I recommend you uninstall Adobe Flash from your system. If you need Flash for a particular site (eg a game, or a particular video site, then I suggest you use Chrome for those sites, as Chrome comes with it’s own bundled version of Flash. In this day and age, there’s no reason why you can’t run 4 or 5 different browsers if need be.

      1. Pierre said on September 7, 2017 at 5:28 pm

        I entirely agree
        Some sites still use it for multiple uploadings : easy to convert to HTML5

      2. Pants said on May 17, 2017 at 7:44 pm

        It is only a “Windows Only” preference, sorry. It’s purpose is to scan the Windows Registry for PLIDs (which is where windows kept its info on Flash, RealPlayer, Java, Antivirus etc – this is now restricted to just flash – I think PLID stands for Physical Location Identifier, so that was how FF could enumerate & locate them all, but not my area of knowledge). I haven’t had Flash for well over a year, but if you can’t stop FF on ubuntu detecting Flash, you should (from the about:addons Plugins page) be able to set Flash as “never activate”.

      3. b said on May 17, 2017 at 6:39 pm

        @Sorgo and @Pants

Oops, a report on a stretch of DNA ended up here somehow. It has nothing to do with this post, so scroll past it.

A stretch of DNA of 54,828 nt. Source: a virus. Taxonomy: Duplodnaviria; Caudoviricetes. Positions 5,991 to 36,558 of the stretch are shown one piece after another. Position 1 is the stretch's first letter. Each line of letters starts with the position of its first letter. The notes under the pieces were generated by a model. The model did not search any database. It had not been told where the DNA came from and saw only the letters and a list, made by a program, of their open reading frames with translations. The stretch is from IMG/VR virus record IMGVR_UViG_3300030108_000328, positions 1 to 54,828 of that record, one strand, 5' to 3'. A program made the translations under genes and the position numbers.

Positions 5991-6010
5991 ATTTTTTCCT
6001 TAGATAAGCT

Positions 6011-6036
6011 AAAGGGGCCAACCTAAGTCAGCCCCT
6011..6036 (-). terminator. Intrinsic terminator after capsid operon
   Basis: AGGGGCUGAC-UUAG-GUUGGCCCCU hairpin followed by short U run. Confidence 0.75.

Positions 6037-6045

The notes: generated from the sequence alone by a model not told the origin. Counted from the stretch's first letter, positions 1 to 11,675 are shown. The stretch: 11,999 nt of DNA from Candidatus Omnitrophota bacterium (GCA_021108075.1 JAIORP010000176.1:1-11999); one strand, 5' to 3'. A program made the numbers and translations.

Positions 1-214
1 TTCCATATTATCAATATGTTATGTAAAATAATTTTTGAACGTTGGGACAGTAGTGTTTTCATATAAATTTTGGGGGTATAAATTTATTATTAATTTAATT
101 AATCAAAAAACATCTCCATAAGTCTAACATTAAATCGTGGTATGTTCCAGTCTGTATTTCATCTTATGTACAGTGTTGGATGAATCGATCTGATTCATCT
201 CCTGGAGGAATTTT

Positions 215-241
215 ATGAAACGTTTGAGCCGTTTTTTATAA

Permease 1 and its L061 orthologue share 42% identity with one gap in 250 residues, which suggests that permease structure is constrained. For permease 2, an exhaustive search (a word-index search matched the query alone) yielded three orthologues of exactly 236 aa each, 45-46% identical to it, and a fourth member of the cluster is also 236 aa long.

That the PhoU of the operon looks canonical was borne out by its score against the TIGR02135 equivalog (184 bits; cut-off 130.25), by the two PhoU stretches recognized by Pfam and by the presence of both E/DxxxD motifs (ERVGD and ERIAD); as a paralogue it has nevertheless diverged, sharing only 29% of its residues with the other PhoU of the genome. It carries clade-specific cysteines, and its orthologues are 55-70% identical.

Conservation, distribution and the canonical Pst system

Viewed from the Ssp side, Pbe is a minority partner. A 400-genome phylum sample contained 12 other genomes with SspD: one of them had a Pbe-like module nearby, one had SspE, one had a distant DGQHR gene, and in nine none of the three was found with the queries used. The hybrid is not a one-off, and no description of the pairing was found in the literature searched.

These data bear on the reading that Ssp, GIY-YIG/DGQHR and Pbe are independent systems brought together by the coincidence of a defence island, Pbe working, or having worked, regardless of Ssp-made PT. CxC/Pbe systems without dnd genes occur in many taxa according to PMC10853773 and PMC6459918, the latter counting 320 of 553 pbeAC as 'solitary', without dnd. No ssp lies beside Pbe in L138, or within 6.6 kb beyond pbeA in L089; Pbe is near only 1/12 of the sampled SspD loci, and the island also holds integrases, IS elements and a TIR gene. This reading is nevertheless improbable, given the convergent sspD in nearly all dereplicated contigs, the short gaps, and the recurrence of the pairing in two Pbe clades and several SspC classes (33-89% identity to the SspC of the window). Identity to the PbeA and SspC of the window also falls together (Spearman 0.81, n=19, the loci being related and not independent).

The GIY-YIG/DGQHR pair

thank you for taking time to help me out.
        great to know, how it really works. I rushed to about:config but the mentioned setting: plugin.scan.plid.all , was nowhere to be found? I run FF 53.0.2 in ubuntu.

    2. Sorgo said on May 17, 2017 at 1:23 pm

      If Flash is disabled Flash cookies can’t be accessed by content. Flash cookies are just Flash setting and reading its own cookies and obeying your browser’s preferences related to them. If Flash is disabled or click to play there’s no business with flash cookies going on until you enable it or allow it to run through a click.

      You don’t need to uninstall Flash, especially if you need it for some sites. You can set it to click to play, that’s more than enough. You can also disable it through about:addons.

    3. b said on May 17, 2017 at 10:49 am

      correction: I meant Click&Clean